The Covenanter Donald Cargill was Born Here

What makes a Covenanter? The early life of Donald Cargill gives no sign of the militancy he would later display… A monument to him stands at Hatton in Rattray parish, Perthshire, but he was not born there.

Donald Cargill Monument HattonDonald Cargill Monument at Hatton © Andreas Wilhelm and licensed for reuse.

Donald was the son of Lawrence Cargill and Marjory Blair, who were probably married in 1626. He was probably born in 1627, or perhaps 1628, and was the eldest of five children. Donald was named after his grandfather, a respected local notary and elder in Rattray parish who died in 1623. His father, Lawrence, remained in his family home until he purchased a small holding at Nether Cloquhat in Alyth parish, Perthshire, as a marital home in May, 1626. It was there that Donald spent his earliest years.

Map of Nether Cloquhat            Street View of Cloquhat

In 1634, Donald moved house after his father took up the tenancy of ‘Bonnytown’, now Bonnington, in Rattray parish

Map of Bonnington               Street View of Bonnington

In moving to Rattray parish, Lawrence was filling the shoes of his deceased father and elder brother, John, who were prominent members of the parish. Before the death of his brother in 1632, Lawrence had helped both his father and brother in their business as notaries. After the move to Bonnington, Lawrence took on their mantle as the local notary until his death in 1657. On his father’s death, James Cargill, Donald’s younger brother, inherited Bonnington, while Donald inherited a quarter share of the Wester Banchrie/Banchory in Blairgowrie parish.

Map of Wester Banchory          Street View of Wester Banchory

A monument to Cargill, pictured above, is located at West Hatton, to the east of Bonnington.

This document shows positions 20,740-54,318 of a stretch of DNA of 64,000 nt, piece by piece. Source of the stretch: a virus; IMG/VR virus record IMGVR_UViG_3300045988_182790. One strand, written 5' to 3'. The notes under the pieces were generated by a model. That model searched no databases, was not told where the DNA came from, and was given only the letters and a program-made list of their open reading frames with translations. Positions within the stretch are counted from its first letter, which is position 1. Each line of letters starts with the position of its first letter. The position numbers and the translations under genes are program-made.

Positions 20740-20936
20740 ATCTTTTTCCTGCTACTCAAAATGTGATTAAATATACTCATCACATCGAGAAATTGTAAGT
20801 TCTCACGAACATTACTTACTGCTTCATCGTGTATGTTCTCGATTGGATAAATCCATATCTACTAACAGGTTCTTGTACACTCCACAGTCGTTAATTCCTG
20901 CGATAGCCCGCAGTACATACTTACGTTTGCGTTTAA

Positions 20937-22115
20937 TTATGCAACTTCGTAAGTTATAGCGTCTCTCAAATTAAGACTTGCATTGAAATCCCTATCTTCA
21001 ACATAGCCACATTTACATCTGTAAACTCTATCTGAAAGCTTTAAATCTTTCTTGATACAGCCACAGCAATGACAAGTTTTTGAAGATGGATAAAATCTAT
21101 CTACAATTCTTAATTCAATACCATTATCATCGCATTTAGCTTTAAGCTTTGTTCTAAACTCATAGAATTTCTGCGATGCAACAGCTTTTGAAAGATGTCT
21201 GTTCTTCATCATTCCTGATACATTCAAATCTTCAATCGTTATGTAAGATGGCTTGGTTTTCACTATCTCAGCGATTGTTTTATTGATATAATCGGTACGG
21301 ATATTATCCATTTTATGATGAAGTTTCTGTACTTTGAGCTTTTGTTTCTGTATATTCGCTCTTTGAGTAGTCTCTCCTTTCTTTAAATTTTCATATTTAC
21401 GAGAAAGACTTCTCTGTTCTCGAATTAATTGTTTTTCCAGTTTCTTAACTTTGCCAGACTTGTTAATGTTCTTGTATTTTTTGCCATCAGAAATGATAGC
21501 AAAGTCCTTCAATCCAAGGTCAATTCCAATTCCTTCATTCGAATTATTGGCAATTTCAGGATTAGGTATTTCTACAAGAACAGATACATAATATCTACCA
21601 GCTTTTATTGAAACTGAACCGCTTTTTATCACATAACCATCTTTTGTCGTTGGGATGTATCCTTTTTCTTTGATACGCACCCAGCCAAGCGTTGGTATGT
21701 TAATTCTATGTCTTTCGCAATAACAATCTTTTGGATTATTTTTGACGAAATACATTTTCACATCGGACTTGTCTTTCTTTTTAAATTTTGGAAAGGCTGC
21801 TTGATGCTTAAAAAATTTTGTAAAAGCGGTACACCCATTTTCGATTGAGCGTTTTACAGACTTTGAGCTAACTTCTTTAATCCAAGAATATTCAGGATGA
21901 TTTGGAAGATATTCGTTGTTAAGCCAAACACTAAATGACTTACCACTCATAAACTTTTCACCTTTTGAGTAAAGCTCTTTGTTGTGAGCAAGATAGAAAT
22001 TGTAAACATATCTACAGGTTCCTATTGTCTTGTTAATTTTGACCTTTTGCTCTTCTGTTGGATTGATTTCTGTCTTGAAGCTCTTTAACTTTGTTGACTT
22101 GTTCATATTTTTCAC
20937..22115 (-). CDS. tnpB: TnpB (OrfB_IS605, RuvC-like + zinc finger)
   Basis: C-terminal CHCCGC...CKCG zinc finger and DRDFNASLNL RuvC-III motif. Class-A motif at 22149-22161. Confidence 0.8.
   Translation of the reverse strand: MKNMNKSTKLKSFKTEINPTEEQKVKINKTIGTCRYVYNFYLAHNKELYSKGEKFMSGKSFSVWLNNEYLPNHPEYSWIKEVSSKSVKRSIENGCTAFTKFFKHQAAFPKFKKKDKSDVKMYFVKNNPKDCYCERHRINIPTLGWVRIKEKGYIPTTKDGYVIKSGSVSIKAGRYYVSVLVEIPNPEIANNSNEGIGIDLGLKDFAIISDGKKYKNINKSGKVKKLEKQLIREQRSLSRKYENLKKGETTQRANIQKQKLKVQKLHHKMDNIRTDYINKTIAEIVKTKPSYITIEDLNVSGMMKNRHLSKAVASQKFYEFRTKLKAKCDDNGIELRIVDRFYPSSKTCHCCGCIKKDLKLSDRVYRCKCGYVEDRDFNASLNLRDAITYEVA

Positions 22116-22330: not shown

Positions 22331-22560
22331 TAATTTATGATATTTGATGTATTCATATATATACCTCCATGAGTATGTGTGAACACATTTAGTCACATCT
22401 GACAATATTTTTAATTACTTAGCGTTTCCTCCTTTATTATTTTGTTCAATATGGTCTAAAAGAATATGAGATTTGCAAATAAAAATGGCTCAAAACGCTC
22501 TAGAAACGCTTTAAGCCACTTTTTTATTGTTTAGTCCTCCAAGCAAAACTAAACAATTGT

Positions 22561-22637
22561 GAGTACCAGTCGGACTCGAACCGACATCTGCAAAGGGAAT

Map of Cargill Monument

The Hatton estate belonged to Cargill’s cousin, Donald Cargill of Hatton, the son of the John Cargill. The monument is vague about the date of Cargill’s birth due to an typographic error in Howie of Lochgoin’s Scots Worthies. Cargill took on the Hatton estate and several other local small estates in the 1660s as part of a concerted effort to free his cousin from debt.

One thing Cargill possibly witnessed when he a boy was the local football game for the Silver Ball of Rattray.

In 1637,  at the age of ten or eleven, Donald was old enough to continue his education at Aberdeen Grammar School. It was there that Donald first encountered the turmoil and violence of revolution.

Most of the above is based on an excellent summary of Cargill’s early life which is found in Maurice Grant’s No King But Christ. 11-15.

Cargill’s Leap at Blairgowrie is another local site connected with the Covenanter.

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~ by drmarkjardine on May 29, 2013.

3 Responses to “The Covenanter Donald Cargill was Born Here”

  1. […] For Cargill’s early life, see here. […]

  2. […] Donald Cargill. (Reward 3.000 Merks/£2,000 Scots.) Originally from near Rattray in Perthshire, Donald Cargill was the minister of Barony parish in Lanarkshire before the […]

  3. […] Cargill was born not that far from Blairgowrie. […]

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